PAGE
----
When cross examined by Attorney Ducreay and asked about his understanding of the word "exporting" used in the law, PO Elizee failed to convince and move the court that the word "exporting" also applied to moving goods for personal use from one country to the next. In fact, when questioned by Attorney Ducreay as to whether he would say that travelling with goods for personal use represented "exporting", the officer responded that one was "technically exporting" them.

In light of the testimony that had been given thus far and the evidence, or lack of evidence, before the court and the line of questioning, representation and arguments of Attorney Ducreay, Magistrate Gill was left with no alternative but to address the court and to dismiss the matter.

He held that the Act section 32 fails to define the word "exporting" to include the moving of goods for personal use if that was the intention of the framers of the Act and consequently, the ordinary meaning of the word has to be referred to, which is construed as the movement of goods intended for sale or exchange and that in the case before him no evidence had been adduced that the crab backs and the agouti were for sale or exchange.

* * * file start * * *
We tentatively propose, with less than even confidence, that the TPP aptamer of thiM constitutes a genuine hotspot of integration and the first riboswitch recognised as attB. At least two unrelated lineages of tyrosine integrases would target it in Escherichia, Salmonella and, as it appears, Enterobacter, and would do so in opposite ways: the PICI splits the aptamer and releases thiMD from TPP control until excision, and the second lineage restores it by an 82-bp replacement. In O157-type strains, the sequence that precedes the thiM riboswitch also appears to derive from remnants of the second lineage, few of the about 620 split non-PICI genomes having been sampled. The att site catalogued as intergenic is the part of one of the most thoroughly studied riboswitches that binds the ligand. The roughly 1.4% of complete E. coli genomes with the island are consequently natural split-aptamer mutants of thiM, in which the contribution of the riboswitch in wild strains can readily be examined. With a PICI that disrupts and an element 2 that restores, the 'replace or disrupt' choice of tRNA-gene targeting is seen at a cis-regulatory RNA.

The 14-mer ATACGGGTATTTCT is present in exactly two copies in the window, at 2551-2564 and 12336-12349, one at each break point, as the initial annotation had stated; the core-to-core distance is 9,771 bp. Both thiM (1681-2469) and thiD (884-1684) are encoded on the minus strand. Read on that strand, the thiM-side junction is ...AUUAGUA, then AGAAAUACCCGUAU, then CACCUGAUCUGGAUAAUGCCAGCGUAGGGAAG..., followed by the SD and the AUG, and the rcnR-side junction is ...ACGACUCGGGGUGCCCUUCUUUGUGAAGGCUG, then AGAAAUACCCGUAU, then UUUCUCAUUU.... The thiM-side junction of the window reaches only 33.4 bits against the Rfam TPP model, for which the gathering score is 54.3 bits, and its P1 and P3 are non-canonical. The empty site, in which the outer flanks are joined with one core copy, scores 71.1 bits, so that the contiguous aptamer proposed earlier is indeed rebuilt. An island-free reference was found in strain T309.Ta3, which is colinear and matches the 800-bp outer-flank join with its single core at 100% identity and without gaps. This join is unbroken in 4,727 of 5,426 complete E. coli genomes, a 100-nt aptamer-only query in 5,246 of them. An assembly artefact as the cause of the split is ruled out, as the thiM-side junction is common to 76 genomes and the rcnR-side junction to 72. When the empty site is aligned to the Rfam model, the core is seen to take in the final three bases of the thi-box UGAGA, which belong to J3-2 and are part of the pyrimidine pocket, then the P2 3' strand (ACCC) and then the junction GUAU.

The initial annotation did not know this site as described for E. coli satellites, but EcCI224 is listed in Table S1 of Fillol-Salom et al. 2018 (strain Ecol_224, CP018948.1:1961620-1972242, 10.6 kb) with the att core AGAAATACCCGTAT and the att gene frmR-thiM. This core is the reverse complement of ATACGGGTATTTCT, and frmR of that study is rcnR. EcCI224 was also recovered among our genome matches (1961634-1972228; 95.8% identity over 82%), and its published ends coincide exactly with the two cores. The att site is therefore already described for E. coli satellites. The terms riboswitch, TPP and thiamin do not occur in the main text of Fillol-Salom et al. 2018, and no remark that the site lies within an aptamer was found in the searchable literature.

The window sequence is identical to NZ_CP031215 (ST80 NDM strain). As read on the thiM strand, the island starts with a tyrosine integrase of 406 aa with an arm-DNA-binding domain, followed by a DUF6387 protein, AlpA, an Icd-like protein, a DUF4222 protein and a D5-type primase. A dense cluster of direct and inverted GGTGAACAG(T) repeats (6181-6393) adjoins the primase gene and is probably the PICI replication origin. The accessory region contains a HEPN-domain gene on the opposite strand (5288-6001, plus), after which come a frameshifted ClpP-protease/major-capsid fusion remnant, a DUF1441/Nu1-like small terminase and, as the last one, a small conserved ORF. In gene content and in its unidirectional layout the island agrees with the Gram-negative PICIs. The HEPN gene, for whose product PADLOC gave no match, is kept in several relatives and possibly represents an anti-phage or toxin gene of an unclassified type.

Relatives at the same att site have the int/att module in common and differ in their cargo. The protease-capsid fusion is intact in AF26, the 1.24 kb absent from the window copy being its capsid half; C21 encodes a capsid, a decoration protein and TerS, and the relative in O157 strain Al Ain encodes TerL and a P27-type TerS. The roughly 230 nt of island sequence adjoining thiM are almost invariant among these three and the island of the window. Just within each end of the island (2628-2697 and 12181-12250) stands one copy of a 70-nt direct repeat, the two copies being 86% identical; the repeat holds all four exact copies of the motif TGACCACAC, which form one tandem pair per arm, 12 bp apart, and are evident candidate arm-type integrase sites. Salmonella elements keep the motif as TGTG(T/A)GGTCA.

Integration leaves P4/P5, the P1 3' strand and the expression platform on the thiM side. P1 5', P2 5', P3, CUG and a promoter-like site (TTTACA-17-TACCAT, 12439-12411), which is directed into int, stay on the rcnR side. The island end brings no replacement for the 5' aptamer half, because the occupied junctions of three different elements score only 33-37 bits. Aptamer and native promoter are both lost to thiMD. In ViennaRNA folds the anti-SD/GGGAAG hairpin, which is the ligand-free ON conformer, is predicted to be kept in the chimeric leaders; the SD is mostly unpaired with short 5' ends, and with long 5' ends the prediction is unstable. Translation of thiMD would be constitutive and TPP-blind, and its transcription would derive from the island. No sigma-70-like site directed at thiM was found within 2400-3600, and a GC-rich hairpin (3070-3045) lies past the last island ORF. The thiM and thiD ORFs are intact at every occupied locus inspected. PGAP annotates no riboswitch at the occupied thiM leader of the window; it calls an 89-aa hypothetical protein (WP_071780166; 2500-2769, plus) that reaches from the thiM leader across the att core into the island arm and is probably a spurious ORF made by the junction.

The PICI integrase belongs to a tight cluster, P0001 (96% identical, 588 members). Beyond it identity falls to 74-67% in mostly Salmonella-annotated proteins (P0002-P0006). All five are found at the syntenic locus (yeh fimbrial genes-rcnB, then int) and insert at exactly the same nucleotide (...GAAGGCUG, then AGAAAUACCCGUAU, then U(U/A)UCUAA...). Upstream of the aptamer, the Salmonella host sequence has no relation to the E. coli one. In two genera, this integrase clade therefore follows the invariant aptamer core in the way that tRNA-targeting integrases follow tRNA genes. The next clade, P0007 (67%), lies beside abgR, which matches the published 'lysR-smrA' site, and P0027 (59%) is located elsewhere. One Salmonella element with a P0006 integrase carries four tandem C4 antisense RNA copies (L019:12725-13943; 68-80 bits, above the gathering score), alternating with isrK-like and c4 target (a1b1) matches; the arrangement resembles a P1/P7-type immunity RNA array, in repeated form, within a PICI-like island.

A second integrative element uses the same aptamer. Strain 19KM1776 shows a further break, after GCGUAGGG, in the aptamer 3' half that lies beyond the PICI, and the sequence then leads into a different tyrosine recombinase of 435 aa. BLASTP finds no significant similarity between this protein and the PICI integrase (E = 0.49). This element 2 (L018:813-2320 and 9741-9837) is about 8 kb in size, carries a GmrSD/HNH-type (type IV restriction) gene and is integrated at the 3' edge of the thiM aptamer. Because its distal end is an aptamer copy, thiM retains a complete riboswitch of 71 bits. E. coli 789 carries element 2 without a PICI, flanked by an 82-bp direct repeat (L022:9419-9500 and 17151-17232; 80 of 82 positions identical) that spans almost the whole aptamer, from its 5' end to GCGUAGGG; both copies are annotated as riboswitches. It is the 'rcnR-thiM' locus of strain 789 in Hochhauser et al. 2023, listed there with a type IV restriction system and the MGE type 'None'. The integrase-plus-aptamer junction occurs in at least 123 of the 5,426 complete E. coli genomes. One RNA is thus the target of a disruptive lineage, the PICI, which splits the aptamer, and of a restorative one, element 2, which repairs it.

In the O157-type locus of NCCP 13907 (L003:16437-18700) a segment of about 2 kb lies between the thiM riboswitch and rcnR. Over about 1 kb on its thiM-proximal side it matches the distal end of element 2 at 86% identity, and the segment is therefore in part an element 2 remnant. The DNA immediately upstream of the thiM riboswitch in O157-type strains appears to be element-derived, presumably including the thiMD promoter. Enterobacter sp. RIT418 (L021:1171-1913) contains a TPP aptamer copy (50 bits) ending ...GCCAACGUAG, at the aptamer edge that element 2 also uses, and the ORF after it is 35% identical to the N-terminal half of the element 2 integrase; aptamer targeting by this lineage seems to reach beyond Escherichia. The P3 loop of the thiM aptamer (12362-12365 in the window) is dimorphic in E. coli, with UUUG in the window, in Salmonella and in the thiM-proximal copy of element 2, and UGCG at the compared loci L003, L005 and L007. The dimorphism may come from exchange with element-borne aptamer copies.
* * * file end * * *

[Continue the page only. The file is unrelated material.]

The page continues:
Magistrate Gill further held that it could not have been the intention of the original framers of the Act to place the movement of goods for personal use under the ambit of the said law as legislated. Additionally, Attorney Ducreay pointed out that the Act stipulated that "The permit shall be in Form 5" and that he had perused several law volumes containing that said Act and had failed to locate and identify such a "Form 5" that the Act refers to and which is supposed to be part of that Act. Additionally, there was no evidence introduced before the court that the "Form 5" – the permit - had even been gazetted in accordance with the law and practice that all Acts shall be gazetted.

The Magistrate also held that in addition to the previous grounds for dismissal of the matter the very lack of the evidence by virtue of the Court upholding Attorney Ducreay's objection to the box ostensibly containing the prohibited wildlife being put into evidence was also fatal to the Prosecution and State's case and this was further compromised by the failure of the Prosecution to assure the court that there was an adequate and credible chain of custody of the evidence.

Many persons have been arrested and fined for violating the Act even when such persons are attempting to travel with wildlife meant for personal use. Now, members of the public have a reprieve as they can now successfully challenge the law when they travel with crab backs and other wildlife that are intended solely for personal use and consumption and not for commercial use.